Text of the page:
CARRIER 7: AFTERBURN By Keith Douglass

woman, but she has nothing outside her family. You have a career, and

you’re damned good at what you do. I would never ask you to give that

up, you know that. Yet you expect me to be willing to give up my career

for you!”

His voice was rising as he spoke, and growing more and more angry. Maybe

she wasn’t the only one who’d been bottling things up.

She shook her head, the worst of her own anger already drained. “I’m

beyond that, Matt. I know you won’t give up the Navy. It’s a part of

you, and you wouldn’t be who you are, wouldn’t be the. .. be the man I

love, if you were the kind of guy who could give it up easily. But it’s

one of the things that just makes us completely incompatible.”

He looked up sharply, a glimmer of hope in his eyes. “You still love me?

Then. ..”

Pamela took his hand and held it for a brief moment. “Sometimes. ..

sometimes love just isn’t enough, Matt.”

She released his hand and sat back. “Matt, I’m sure we’ll be seeing each

other while you’re here in Yalta, but I really think it best if we not

see each other. .. that way again. It’s. .. it really has been wonderful

knowing you, and I’m sorry it has to end this way. But it does have to

end. Now.”

The rest of the dinner was completed in an uncomfortable near-silence

and was cut short before dessert or the obligatory after-dinner tea.

All the way back to the hotel, she could feel the tension winding up

inside of him.

2315 hours (Zulu +3)

Yalta Hotel, Crimea Tombstone was still digesting what had passed

between him and Pamela that evening. He didn’t know what to say, was

afraid to say anything for fear that either he or she would explode.

He’d known she was hurt by his frequent absences, knew she didn’t like

them, knew she’d rather he left the Navy. .. but he’d never imagined it

coming to this.

“Good night, Pamela,” he told her in the hotel lobby. “I’m sorry.”

“It’s not your fault, sailor,” she said with something approaching her

old twinkle. “It has been fun. At least until recently.”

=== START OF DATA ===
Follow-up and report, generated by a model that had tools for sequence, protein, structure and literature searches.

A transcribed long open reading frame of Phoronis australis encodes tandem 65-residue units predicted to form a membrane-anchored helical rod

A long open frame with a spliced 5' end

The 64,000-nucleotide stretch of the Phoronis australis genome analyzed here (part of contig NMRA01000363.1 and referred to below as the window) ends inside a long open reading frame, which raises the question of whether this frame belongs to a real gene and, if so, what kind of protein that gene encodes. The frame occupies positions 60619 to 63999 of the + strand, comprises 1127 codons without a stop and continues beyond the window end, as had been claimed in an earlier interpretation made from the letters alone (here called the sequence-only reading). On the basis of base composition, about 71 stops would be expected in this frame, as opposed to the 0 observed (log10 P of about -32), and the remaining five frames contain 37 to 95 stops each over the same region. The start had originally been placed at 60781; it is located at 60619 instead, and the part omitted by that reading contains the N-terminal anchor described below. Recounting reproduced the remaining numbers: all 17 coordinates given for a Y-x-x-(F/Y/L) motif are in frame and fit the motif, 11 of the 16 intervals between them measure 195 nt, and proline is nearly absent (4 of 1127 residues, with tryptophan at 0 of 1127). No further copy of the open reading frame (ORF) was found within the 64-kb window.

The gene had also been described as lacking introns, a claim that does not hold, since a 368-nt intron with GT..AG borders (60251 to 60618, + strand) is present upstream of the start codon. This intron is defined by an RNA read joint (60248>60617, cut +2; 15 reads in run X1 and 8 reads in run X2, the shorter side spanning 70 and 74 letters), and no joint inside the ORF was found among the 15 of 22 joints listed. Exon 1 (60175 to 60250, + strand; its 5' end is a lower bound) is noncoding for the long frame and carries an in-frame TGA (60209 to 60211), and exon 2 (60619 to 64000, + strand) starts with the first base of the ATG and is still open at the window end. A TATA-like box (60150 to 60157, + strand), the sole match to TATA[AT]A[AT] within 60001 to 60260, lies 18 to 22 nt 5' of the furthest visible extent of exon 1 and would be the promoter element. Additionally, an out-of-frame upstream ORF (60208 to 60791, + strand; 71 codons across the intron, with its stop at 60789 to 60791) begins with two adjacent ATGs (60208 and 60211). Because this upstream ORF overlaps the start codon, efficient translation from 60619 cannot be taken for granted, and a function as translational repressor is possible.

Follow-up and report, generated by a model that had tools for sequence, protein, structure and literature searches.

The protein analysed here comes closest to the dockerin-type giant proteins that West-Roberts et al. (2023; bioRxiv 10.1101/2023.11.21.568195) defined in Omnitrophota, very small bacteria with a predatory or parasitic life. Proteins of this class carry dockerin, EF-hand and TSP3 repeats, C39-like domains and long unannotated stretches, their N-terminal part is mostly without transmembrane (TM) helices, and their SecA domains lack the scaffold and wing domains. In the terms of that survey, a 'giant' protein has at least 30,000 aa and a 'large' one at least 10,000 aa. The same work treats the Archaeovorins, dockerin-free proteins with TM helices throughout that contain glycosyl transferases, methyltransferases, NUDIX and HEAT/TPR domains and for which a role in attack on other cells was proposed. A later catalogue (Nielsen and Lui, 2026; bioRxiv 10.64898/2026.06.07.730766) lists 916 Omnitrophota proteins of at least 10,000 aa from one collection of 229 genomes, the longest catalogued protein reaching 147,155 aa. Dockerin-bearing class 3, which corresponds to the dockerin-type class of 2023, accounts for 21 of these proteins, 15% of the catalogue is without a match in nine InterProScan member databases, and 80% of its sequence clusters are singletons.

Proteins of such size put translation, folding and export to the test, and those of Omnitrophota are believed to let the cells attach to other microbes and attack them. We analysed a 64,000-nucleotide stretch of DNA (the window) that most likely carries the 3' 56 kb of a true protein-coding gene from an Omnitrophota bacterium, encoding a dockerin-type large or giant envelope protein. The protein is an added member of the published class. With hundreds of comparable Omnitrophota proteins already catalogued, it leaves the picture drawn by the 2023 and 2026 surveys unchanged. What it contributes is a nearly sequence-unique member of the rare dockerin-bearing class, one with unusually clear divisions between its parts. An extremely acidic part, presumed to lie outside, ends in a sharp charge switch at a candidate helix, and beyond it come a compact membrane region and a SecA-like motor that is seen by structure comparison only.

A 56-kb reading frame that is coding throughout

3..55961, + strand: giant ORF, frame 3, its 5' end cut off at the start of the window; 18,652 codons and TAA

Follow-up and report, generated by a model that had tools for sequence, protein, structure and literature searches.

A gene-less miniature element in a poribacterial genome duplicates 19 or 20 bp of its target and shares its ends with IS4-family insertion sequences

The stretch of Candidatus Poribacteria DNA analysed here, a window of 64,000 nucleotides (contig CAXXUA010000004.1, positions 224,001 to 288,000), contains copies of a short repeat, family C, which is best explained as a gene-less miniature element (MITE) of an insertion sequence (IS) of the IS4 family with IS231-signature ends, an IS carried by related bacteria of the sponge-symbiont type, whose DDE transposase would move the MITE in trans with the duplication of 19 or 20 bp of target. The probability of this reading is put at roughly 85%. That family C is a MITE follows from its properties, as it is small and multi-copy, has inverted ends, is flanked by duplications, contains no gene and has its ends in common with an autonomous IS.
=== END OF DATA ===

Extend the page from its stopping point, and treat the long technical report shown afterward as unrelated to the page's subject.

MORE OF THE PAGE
She turned and walked away toward the elevator.

Tombstone turned and started for the stairwell, less because he still

mistrusted Russian elevators than because the thought of riding up

several floors in close proximity to Pamela was suddenly unendurable.

The prostitutes were gone, at least, he was relieved to see.

As he started up the first flight, however, he was aware of a sudden

movement at his back.

“Stoy! Nee sheeveleetes!”

Tombstone turned, looking down at a young man–he probably wasn’t out of

his teens–with long, wildly disheveled hair and a knife held

threateningly in his right hand.

“Rukee wayrh!” His right hand held the knife, weaving it back and forth

at Tombstone’s throat. The left was extended, palm up. “Ya hachu


“I don’t speak Russian,” Tombstone told the youth, keeping his voice

cold and level. “Understand? La plaha, uh, ya plaha gavaryu!”

“Money!” the boy repeated, and he rubbed the fingers of his left hand

together in a universal sign. “Money! Dollar! You give!”

It was almost ridiculously easy, given that he was already on the first

step of the stairway, and the kid was waving the knife carelessly less

than a foot away, well inside Tombstone’s reach. Had it been a pistol

the kid was waving, Tombstone would not have considered doing what he

did next. He was neither a brawler nor a practitioner of martial arts,

but he outweighed the kid by at least thirty pounds, and his reflexes

were those of an aviator.

Besides, he was in no mood to be pushed around.

“Da,” he said, nodding and reaching up with his left hand to open the

front of his jacket. “Da. I give.”

The kid’s eyes gleamed and he stepped closer as if to grab the expected

wallet from the inside jacket pocket himself. Instead, Tombstone lashed

up and across with his left forearm, blocking the knife hand and

smashing it aside; he pivoted left with the movement, shooting his right

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